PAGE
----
I went out and fished the Feather on Sunday. I had forgotten how much pressure that river gets during the winter months. There must have been 12 anglers in about a mile of river up by the hatchery. Needless to say the fishing suffered due to the large crowd. In about 5 hours of fishing I hooked two steelhead. This is not necessarily a bad thing, especially since I was steelhead fishing, but I was expecting the fishing to be more like it was on Thursday. The two fish I hooked both ate egg patterns even though there were no salmon to be found anywhere. It is funny how easily a steelhead will eat a big bright egg pattern when they probably haven't seen a real egg in several weeks. I guess you can call those steelies optimists and the best fighting fish in fresh water. I have a couple availabilities for those of you that want to go and fish the Feather in the next month. The fishing should remain consistent until the first part of February.

The Lower Sac on 1/12/08

I had the opportunity to guide Tom and Kent from Sacramento this weekend on the Lower Sacramento. The trip was extremely close to being canceled due to the off color water coming out of Keswick Reservoir. The clarity on the Lower Sac was about 2.5 feet and the river fished extremely well for the winter. In total we hooked 28 rainbows with four of them going between 18''-19''. All of the fish we caught came on eggs patterns. We tried a variety of nymphs underneath our eggs but they wouldn't touch them. I think the fish were having a difficult time seeing the little nymphs and were largely eating the bright eggs because they could see them. It was a great winter day out there. For those of you that think the Lower Sac is only a fall and spring fishery you are missing out on the less popular months. Imagine fishing the Lower Sac with only a couple other boats and have the majority of the runs all to your self. For those of you interested in fishing the next couple of months I have several availabilities for those of you with the winter blues. Looking forward to seeing you out on the water.

Tight Lines!

Thursday, January 10, 2008

Feather River 1/10/08

Well I finally got out to fish for the first time in 2008. I hope all of you had a wonderful New Year. I am looking forward to all of the fish memmories that lie ahead of us in the next year. Well I must admit that my first trip of the year was a success. I got the chance to sneek out to the Feather with Steelhead Steve to do some fishing and filming. The day went extremely well with 16 fish hooked and released. In total we hooked 10 adults and 6 halfpounders. The largest fish was a beautiful 26'' hen. The hot flies of the day were pheasant tails, red copper johns, and a variety of eggs with peach and orange proving most successful.

All day we were trying to film our fishing session as one of us hooked and fought a steelhead. The problem with that though is that at about noon I figured out that I wasn't using the video camera correctly and that all of our morning footage was not saved on the camera. At the end of the day it worked out and we managed to get a couple really nice fish on film. The bad thing is that we didn't get to film the 26'' hen and I screwed up the filming when Steve snapped his rod in half trying to land a fish. No worries though because I am going back Monday to get some more shots. So in the next month or two start looking for a handful of videos on the rivers I guide.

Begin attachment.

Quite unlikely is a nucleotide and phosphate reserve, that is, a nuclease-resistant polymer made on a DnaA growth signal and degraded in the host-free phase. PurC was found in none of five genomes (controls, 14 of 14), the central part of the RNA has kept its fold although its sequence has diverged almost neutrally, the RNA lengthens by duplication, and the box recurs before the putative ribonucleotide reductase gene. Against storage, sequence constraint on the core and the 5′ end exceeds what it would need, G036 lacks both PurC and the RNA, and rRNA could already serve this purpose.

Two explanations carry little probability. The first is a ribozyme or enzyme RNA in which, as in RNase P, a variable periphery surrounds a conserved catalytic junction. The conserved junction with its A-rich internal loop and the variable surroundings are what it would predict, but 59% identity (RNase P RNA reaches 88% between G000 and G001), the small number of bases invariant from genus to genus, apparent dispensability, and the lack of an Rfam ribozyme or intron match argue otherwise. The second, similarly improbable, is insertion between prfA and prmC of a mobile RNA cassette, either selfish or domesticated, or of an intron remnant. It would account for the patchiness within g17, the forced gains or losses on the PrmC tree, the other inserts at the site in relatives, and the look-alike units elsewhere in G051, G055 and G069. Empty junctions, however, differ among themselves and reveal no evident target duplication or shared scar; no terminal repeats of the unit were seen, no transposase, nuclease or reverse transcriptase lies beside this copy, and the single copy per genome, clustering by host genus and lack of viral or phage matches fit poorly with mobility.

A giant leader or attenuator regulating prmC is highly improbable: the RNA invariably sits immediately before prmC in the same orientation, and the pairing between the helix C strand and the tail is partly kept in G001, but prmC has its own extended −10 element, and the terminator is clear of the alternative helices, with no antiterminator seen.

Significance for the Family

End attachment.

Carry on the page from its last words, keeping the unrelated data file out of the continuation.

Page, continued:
For those of you interested there is lots of great winter fishing available. So if you have the winter blues book a trip to get back on the water to feel the surge of that fish on the end of your fly line. The trout fishing for the next month should be excellent so don't miss out on the action!

Tight Lines,
Ryan Johnston

San Diego Bay Fly Fishing

While I was home for the holidays I got the opportunity to go on two guided trips with Peter Piconi on San Diego Bay. If any of you guys ever make it down there this is something that you need to check out. Most of the days on the bay start around 6AM and go till about Noon. For the most part you are casting 6 weight rods with shooting heads. Usually the fly of choice is a smaller sized clouser in a variety of colors. One great thing about fly fishing in San Diego Bay is that you never know what you are going to catch. The first day alone we caught 7 different species of fish (halibut, calico bass, sand bass, spotted bay bass, mackerel, lizard fish, and jack smelt). Every time you get bit you have no idea what is on the end of the line. The majority of the time we were catching some variety of bass but my father was lucky enough to catch a 7lb Halibut. Yes, it is possible to catch halibut on the fly. Just check out that fly hanging out of the Halibuts mouth. After guiding for four years now I have a special appreciation for guides who do a good job. I can honestly say that Peter Piconi is hands down the best fly fishing guide in San Diego. So next time you are heading to southern california make sure to check out some Bay fly fishing.